I tried watching LIE TO ME last night and found it disappointing on a number of levels. One that sticks in my mind this morning is the protag's lack of any real reason to begin an investigation. I know, TV shows have to get into the action quickly, and we're supposed to believe that this man has an instinct for such things. I will let it go.

In my own work, however, I try for a higher standard. I ask myself, "Are my protags justified?" in each step of the mystery. In the first place, there should be cause to suspect murder. That one's usually easy: a knife sticking out of a guy's back is probably not self-inflicted. Then, as they zero in on suspects, I try to be sure I've provided a reason for it: either that suspect has a motive, is acting oddly, or was in the vicinty. A good opportunity for red herrings comes when the sleuth has his own agenda, he doesn't like the guy and therefore focuses on him for personal reasons. But I try to give a plausible explanation of what premise the protags are following.

Here's an example. My protag, Simon, is called in to investigate a death that may be from poison (Tudor era, no autopsy). He learns that X benefited from the man's death, but X was far away at the time of the murder. I want Simon to retrace X's trip so he can discover an important clue to what's going on. BUT I'm aware as the puppeteer in all this that I have to give Simon a good reason to do it. It can't be a whim. In every conclusion that is made, the reader has to agree that it's logical, given the circumstances. If just once the reader thinks, "Where in heck did he come up with that?" you've lost the logic, and it isn't a mystery anymore, it's a fairy tale.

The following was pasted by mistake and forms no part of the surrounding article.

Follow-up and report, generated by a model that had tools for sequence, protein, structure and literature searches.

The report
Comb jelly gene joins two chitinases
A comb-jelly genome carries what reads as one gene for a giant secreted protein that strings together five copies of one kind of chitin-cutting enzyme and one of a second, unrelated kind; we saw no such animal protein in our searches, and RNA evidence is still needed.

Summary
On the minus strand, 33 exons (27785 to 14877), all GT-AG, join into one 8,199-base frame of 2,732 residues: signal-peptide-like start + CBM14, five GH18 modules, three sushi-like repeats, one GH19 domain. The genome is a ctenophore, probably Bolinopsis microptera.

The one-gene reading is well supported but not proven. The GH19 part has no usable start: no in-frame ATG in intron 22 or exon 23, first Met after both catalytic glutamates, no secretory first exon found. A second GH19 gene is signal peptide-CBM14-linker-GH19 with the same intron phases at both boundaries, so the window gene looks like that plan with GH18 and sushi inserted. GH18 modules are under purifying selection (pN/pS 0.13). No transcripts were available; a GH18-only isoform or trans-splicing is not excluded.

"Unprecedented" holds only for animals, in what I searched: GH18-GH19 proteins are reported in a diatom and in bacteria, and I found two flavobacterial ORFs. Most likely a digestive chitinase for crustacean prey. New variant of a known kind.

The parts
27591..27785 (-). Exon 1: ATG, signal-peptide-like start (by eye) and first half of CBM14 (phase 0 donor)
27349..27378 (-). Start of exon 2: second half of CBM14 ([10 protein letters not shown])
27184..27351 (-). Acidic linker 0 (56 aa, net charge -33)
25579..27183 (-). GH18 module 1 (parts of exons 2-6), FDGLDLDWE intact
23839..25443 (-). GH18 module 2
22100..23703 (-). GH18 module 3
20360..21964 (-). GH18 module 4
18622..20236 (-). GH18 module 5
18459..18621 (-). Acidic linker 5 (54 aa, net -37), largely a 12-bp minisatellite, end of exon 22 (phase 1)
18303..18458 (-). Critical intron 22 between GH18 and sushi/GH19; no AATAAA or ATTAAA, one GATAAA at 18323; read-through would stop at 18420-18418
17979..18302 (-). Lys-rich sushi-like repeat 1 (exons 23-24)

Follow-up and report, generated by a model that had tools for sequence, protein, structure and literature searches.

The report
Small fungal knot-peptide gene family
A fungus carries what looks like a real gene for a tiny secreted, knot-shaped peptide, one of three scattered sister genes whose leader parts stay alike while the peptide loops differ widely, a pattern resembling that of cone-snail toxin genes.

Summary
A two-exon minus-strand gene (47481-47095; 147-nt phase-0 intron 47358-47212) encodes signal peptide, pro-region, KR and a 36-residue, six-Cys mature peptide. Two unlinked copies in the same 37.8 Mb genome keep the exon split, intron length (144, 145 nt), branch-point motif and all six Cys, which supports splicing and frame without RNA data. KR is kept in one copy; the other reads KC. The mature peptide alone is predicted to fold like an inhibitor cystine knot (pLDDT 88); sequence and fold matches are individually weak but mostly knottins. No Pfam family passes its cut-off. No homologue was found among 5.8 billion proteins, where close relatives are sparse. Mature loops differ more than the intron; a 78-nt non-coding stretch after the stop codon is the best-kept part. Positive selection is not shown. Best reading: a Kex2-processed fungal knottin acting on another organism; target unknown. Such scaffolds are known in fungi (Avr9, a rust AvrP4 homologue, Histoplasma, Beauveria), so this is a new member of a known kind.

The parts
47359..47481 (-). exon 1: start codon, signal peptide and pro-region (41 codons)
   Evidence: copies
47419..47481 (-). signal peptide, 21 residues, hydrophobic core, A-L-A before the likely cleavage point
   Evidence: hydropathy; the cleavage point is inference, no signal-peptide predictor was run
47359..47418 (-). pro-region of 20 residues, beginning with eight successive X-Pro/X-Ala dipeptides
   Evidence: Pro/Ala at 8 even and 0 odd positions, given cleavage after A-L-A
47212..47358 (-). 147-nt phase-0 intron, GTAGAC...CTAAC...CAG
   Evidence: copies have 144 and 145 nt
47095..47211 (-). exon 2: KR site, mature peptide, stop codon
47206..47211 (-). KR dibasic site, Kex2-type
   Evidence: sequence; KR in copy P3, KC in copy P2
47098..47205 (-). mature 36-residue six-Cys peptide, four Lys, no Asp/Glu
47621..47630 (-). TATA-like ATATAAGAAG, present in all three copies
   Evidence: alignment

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Comment by P.J. on April 12, 2009 at 11:59am
You are probably right about that. But guys just don't wear tight pants any more, as they did in the 60's . . . it's all these baggy, loose, grampa pants stuff that just don't show off ANY assets. Still, in the long run, a good mind goes a lot farther than a good butt. And a (twisted) sense of humor is a big plus.
Comment by Dana King on April 11, 2009 at 5:41am
PI,
Except for the spike heels (which I actually think are stupid), wouldn't you also go for the tight pants and shirts unbuttoned halfway down to the navel? The better to reveal the ripped abs. :)
Comment by P.J. on April 11, 2009 at 4:59am
I'm thinking that Dana is recruiting MALE cops, or lesbians . . . I'd personally prefer my cops to have the kind of physique often seen on bodice ripper covers, and a mind as finely tuned as his abs are ripped. But that's just me.
Comment by Dana King on April 3, 2009 at 4:11am
Sure would make it easier to recruit cops if they did.
Comment by Peg Herring on April 3, 2009 at 3:59am
What? You mean real crimefighter girls don't wear tight pants, spike heels, and unbutton their shirts halfway down to the navel?
Comment by Dana King on April 3, 2009 at 2:34am
I rarely watch a TV mystery anymore, in part for the reasons you described. Between reading crime fiction and researching for my writing, I can't bear to watch the holes in the stories. Not just factual inaccuracies (for which CSI is famous), but leaps of logic. TV is deluged with crime shows, but on the rare occasions when i catch one, I'm almost left thinking, "Who are they kidding here?"

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